Maybe not what they intended. For example,
For nearly five decades, the mirror test, applied to chimpanzees, was thought to show that they were self-aware:
“In 1970 Gordon G. Gallup, Jr., of the University at Albany, S.U.N.Y., developed the “mirror test” to assess metacognition in chimpanzees. A chimp passes the test if it uses the mirror to inspect a mark that has been painted on its face. Although the majority of chimps pass, some do fail, causing certain scientists to consider the test unreliable.” – Robert O. Duncan, “What Are the Structural Differences in the Brain Between Animals That Are Self-aware and Other Vertebrates?” At Scientific American
But then in 2019, a fish, the cleaner wrasse, passed the mirror test:
When chimpanzees, dolphins, elephants, and magpies passed the test, researchers theorized that these animals, recognized as intelligent, were demonstrating a concept of “self.” Now they are not so sure. Is the cleaner wrasse, which grooms other fish for parasites, really self-aware? Are fish much smarter than we think?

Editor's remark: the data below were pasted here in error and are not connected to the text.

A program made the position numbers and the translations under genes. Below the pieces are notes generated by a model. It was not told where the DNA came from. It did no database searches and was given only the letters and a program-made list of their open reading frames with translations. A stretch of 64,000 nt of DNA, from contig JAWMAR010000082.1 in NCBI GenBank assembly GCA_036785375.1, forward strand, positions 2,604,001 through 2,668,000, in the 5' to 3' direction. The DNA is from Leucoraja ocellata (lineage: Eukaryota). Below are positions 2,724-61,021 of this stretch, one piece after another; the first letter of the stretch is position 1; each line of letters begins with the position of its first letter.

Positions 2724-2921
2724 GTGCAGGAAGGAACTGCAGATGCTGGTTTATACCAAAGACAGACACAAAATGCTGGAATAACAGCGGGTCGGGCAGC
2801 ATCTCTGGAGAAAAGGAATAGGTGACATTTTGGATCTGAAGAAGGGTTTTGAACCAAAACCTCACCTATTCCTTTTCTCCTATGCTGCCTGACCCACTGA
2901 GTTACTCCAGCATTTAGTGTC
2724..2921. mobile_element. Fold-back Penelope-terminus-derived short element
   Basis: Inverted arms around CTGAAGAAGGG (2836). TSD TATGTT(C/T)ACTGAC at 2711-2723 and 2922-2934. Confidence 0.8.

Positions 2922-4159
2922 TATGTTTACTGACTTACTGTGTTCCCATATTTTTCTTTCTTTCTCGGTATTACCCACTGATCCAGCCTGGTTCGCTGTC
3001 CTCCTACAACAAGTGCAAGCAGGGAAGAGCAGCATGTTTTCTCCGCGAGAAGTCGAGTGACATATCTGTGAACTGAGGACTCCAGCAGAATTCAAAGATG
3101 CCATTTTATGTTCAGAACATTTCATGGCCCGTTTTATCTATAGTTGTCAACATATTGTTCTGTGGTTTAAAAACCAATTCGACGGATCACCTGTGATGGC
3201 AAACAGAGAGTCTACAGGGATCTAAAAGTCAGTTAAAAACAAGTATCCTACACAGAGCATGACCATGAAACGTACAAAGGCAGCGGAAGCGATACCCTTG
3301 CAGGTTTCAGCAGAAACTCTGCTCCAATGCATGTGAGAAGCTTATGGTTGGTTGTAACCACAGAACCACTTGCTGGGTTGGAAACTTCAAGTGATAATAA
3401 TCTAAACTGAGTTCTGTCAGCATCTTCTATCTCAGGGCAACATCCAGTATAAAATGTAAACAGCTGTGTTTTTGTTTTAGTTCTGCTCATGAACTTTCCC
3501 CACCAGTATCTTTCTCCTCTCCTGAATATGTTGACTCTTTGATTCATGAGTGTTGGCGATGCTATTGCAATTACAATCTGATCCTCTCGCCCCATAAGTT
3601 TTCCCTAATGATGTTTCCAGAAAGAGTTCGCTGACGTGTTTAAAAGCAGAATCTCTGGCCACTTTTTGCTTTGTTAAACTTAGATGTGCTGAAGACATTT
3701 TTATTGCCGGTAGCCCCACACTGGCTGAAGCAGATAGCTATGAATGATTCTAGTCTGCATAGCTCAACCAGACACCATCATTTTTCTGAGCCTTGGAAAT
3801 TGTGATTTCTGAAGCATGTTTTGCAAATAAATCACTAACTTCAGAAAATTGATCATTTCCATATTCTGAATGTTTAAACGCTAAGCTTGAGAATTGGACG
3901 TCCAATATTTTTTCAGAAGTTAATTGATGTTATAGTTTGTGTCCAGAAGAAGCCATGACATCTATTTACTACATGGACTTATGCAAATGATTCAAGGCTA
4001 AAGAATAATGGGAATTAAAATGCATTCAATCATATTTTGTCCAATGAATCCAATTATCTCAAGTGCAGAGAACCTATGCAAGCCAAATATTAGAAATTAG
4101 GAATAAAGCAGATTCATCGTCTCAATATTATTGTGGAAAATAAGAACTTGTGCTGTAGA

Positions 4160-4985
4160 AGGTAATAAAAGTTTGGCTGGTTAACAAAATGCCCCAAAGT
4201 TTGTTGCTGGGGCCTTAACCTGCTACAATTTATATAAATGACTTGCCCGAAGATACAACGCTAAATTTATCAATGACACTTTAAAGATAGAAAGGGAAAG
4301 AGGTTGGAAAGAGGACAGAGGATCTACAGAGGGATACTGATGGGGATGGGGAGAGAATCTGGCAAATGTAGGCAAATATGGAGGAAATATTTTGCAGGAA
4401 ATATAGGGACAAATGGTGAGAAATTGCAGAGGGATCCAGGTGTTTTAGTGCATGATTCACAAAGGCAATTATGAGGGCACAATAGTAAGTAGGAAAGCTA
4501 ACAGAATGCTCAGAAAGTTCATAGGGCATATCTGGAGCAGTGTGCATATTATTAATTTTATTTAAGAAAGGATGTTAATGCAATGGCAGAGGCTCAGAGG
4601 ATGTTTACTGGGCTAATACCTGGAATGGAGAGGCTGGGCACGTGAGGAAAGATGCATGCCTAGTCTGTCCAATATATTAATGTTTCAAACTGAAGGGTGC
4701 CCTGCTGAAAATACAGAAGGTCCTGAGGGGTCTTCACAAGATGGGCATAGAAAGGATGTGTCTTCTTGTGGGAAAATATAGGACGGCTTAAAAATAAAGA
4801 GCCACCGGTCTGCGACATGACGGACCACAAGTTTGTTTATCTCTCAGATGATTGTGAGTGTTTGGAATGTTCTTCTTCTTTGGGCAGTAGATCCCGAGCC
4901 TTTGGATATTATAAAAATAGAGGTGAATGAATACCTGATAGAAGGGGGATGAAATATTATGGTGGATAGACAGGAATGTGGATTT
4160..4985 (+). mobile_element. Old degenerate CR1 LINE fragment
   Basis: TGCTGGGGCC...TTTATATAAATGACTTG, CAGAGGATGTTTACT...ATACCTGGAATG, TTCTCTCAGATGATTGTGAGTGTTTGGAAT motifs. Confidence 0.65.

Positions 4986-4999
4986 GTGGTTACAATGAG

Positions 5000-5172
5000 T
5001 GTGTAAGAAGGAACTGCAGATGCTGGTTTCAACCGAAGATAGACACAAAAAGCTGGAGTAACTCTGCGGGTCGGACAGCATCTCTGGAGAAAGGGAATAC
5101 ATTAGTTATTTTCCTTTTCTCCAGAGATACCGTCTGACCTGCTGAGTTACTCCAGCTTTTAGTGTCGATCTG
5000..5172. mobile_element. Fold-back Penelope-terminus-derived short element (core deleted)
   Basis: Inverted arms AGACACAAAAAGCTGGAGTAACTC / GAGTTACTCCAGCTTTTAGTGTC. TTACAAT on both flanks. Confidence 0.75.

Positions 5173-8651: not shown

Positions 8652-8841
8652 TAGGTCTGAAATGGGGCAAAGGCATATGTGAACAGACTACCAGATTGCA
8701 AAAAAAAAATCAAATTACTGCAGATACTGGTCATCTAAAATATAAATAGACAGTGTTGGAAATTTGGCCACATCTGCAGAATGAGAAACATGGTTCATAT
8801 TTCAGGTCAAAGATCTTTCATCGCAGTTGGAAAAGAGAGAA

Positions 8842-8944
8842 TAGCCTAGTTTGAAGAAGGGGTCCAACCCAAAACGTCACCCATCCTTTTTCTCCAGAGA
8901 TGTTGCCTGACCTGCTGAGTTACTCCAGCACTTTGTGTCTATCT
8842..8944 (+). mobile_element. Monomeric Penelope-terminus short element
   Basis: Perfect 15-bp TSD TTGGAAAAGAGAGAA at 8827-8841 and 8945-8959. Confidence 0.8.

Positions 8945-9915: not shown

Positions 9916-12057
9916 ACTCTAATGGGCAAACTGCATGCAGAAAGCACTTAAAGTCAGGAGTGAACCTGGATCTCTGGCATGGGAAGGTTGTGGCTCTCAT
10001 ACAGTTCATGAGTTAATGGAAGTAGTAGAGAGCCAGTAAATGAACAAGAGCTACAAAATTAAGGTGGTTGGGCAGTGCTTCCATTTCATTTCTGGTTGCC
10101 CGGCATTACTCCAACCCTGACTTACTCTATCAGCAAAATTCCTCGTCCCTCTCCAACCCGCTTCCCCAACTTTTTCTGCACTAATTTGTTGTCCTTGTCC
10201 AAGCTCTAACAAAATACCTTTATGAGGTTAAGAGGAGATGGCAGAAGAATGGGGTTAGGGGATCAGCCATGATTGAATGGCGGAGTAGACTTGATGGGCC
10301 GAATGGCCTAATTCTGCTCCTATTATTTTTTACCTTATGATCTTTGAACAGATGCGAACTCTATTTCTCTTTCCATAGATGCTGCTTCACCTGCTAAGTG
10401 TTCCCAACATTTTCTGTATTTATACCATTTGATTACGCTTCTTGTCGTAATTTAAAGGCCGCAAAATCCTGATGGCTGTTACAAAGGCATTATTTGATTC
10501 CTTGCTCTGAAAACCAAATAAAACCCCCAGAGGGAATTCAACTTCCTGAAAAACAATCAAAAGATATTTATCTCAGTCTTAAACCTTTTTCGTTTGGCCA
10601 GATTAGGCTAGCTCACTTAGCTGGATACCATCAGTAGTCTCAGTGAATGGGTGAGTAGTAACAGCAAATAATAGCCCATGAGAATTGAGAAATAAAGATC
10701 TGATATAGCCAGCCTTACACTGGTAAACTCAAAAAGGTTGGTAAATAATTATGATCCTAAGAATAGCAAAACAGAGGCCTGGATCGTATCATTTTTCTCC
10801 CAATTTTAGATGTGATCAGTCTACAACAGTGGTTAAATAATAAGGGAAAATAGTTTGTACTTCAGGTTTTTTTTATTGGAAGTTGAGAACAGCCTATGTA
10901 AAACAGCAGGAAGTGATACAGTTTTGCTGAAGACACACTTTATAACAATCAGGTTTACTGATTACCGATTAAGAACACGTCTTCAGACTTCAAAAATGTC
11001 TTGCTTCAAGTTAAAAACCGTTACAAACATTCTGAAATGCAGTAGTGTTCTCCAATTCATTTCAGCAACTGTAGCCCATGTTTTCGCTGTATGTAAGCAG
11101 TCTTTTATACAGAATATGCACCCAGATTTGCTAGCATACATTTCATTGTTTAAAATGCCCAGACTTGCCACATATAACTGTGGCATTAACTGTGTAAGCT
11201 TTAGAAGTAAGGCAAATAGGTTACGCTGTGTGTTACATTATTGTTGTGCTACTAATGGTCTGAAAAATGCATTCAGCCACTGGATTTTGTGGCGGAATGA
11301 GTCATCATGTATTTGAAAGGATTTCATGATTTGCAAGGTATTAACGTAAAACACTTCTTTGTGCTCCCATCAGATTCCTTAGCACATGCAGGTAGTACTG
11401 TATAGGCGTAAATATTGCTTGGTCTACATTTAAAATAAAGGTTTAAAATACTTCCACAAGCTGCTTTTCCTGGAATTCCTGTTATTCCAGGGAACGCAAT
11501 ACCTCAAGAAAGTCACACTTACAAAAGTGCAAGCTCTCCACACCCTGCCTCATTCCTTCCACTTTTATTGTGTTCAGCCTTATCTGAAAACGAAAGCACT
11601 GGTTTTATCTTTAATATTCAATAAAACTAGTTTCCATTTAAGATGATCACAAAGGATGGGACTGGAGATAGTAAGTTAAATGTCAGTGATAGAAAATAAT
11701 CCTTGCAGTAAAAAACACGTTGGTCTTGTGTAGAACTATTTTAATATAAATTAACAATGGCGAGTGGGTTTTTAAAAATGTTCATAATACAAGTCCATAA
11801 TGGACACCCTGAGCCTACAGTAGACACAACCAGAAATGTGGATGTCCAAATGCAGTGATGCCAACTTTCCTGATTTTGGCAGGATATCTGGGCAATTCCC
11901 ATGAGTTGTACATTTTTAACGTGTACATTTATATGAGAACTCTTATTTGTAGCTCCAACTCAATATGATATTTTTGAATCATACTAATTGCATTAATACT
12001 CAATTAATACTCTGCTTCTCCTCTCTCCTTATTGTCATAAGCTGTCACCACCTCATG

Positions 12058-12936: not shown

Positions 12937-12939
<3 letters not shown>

Researchers have begun to question whether the mirror test truly identifies self-awareness.
Intelligence of some type can exist without apparent evidence of self-awareness. An amoeba is smarter than your computer for some purposes, as is a fruit fly but few think it likely that these life forms are self-aware as individuals. “What do animal studies tell us about human consciousness?” at Mind Matters News
Chimpanzees, dogs, cats, etc., are surely self-aware in the sense that they perceive feelings as experienced by themselves as subjects and events as happening to themselves as subjects. But lacking the ability to reason, they can’t really go beyond that to develop ideas.
Many people assume that human consciousness arose accidentally many eons ago from animal consciousness and that therefore we can find glimmers of the same sort of consciousness in the minds of animals. But that approach isn’t producing the expected results.
See also: Animal minds: In search of the minimal self
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